Again, the workouts just keep rotating. This workout has a practicality program in that it requires weekend training and each workout falls on different days of the week. For a majority of trainees, their training runs on the calendar week making this unworkable.
A second option is that the delts/arms workout comes two days before chest and back. Depending on individual recovery and the intensity of the delts/arms day, that gives the potential for residual fatigue. Overall I just don’t think this schedule is really workable unless it’s moved to hitting everything only once per week ala Duchaine’s Body Contract. I’v shown two options below
Practically these aren’t that significantly different. And yes you could set them up in different sequences (i.e. Legs on Monday or Friday). I simply choose to separate the two upper body days since they have the greatest potential for overlap.
Option 1 is at least workable since most will recover from the Friday delts/arms workout over the weekend. Then again, to make this work, workout volume has to be roughly doubled from a higher frequency approach which means upwards of 12 sets per muscle group. Depending on individual recovery, delts/arms on Friday might leave someone wrecked by the time Monday rolls around. That’s an individual recovery issue.
For option 2, I just reversed the delts/arms and chest/back days to Monday and Friday respectively. Someone would have to have truly sucky recovery to not be ready for the Friday chest/back with three full days from the Monday delts/arms workout. Still, Friday’s chest/back might negatively impact on Monday’s delts/arms. Whether or not anybody cares is up to them.
If there is a general problem with this split, it’s two-fold. The first is that the chest/back workout is pretty gruelling, especially if the volume is high (as in the once/week schedule) while delts/arms much less intensive.
The delts/arms workout can also be a little bit “weird” to set up due to the fact that most shoulder movements are either pressing oriented (meaning a lot of triceps) or isolation work. A properly done upright row is sort of pulling but biceps aren’t heavily involved.
This just means that working out how much extra triceps work to do (due to the overlap) versus direct work needs to be done can be strange. Setting that up is a different topic for a different day. It’s not intractable and I think the unevenly distributed workload of the workouts is the bigger issue. In the big picture, I think there are better ways to go about it.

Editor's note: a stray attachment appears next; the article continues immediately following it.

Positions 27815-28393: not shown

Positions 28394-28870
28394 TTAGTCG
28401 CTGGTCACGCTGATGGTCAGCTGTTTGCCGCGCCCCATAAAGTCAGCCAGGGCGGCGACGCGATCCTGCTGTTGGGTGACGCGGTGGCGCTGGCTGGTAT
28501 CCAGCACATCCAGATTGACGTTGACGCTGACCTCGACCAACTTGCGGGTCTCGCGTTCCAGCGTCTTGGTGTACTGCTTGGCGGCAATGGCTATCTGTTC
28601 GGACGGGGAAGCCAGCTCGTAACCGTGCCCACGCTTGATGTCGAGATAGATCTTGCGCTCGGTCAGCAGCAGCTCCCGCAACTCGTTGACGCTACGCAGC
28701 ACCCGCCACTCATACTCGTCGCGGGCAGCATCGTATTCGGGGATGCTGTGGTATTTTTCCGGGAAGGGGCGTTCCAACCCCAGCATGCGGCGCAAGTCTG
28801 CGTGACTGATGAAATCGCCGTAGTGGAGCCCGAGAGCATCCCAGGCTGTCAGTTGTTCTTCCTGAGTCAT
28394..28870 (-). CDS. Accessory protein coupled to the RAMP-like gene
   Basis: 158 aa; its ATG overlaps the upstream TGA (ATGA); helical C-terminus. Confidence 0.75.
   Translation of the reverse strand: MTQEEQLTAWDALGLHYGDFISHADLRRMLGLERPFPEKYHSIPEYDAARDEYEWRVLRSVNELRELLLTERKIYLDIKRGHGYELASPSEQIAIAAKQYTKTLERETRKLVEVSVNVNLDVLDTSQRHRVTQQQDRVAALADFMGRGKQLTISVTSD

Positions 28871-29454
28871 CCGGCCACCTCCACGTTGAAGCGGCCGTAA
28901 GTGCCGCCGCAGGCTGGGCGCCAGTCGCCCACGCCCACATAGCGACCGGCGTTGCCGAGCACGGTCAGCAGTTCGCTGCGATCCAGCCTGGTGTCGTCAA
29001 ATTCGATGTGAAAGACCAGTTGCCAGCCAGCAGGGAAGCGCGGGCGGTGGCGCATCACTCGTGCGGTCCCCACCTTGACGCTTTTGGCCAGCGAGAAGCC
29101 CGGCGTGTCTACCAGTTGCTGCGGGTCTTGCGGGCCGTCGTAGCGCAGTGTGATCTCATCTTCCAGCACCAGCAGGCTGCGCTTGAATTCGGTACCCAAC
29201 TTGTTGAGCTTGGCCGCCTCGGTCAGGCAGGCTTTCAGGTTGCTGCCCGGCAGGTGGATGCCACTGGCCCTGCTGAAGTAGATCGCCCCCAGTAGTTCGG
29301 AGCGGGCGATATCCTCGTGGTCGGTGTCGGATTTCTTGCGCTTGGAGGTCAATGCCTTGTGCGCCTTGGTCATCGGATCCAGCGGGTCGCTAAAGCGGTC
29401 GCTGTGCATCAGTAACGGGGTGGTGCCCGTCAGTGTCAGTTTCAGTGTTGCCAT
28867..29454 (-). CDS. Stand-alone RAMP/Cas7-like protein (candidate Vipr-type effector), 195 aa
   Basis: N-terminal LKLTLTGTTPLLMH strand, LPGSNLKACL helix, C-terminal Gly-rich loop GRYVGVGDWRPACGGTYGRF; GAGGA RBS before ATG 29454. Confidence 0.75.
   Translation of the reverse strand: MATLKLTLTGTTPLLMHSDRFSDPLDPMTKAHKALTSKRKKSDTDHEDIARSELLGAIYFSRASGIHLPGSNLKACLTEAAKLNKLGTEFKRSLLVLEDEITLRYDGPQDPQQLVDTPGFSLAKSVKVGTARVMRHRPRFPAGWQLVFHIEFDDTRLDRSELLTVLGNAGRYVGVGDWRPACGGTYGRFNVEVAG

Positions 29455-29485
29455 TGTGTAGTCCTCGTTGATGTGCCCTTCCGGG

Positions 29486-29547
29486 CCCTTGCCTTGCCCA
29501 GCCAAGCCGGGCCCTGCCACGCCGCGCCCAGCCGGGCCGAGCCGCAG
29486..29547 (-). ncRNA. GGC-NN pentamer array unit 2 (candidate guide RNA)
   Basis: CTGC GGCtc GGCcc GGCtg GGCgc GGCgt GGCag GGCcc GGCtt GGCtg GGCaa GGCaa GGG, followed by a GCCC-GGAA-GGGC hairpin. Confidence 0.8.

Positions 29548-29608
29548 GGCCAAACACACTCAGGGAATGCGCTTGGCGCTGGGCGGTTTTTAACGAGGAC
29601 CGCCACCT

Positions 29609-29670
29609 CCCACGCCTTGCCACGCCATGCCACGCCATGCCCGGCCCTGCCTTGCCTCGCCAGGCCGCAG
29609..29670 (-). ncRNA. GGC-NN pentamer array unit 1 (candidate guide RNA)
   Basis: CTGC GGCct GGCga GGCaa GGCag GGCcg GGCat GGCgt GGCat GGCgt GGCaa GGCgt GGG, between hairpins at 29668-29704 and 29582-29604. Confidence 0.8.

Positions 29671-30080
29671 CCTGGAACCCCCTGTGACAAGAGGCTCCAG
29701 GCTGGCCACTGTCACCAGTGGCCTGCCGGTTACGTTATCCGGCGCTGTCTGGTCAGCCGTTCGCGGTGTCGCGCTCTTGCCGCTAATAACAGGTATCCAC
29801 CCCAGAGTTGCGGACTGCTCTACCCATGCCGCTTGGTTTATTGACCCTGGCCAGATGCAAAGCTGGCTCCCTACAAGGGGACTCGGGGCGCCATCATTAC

Three-Way Split Routine 2
While I really wanted to look at this one last, the next logical split routine for me to look at is the classic push, pull, legs split. Or rather, chest/shoulders/triceps, legs/abs, back/lats/biceps. It’s just a clustering of all pulling movements on one day, lower body and core on another, and all pulling on a third day.
It has some of the drawbacks of the upper/lower I presented above in the sense that triceps and biceps often take a bit of a hit intensity wise at the end of their respective workouts. But you can also look at it in the same sense that they don’t need much work (a handful of sets) since they are so heavily involved in everything that has come before.
I’m going to assume 4 workout days and show how one way of sequencing this will rotate across a 2-week span.
You can see that each workout is done roughly every 5th day and that the workouts simply rotate through the weeks, repeating themselves every two weeks. But there is one huge problem.
Every two weeks, the pull workout on Monday comes before legs on Tuesday. This brings up the same issues I mentioned in the two-way split where upper back fatigue may negatively impact the leg workout. Once again, this depends on what lower body movements are being done. Squat, RDL, and deadlift don’t go well with a tired upper back. Leg press and leg curl is fine.
A second issue is that the shoulder girdle is being hit pretty hard two days in a row with push followed every week. This can cause shoulder problems down the road. But this is easily remedied by switching the split to pull/push/legs as shown below.
Now, instead of having a pulling workout coming before legs in Week 2, there is a pushing workout. Certainly shoulder fatigue from heavy benching could cause problems but, in general, pushing workout don’t negatively impact on legs as much as back workouts do.
Another option would be to do this as legs/push/pull but the same problems start immediately with pull coming before legs in Week 1. So this isn’t really workable.
Legs, pull, push puts push workouts before legs but still has the issue of shoulder girdle being worked hard two days in a row.
One issue that is essentially unconsidered is the fact that the triceps long-head is involved in both pushing and pulling movements (it is a shoulder extensor which means it works during rows and pulldowns). If you really want to get up your butt with this, you could consider the potential for push and pull days to negatively impact each other. People for whom the triceps is a very limiting body part are more likely to experience this.
Three-Way Split Routine 4
Although I’m still no huge fan of this approach to training, the push, pull, legs split routine can work very well if each is only done once per week (with much higher volumes per workout). I’ve shown 4 options below.
You could also put legs on Monday and do Push Wed and Pull Friday or vice versa. Those are just mirror images of Option 1 and 2.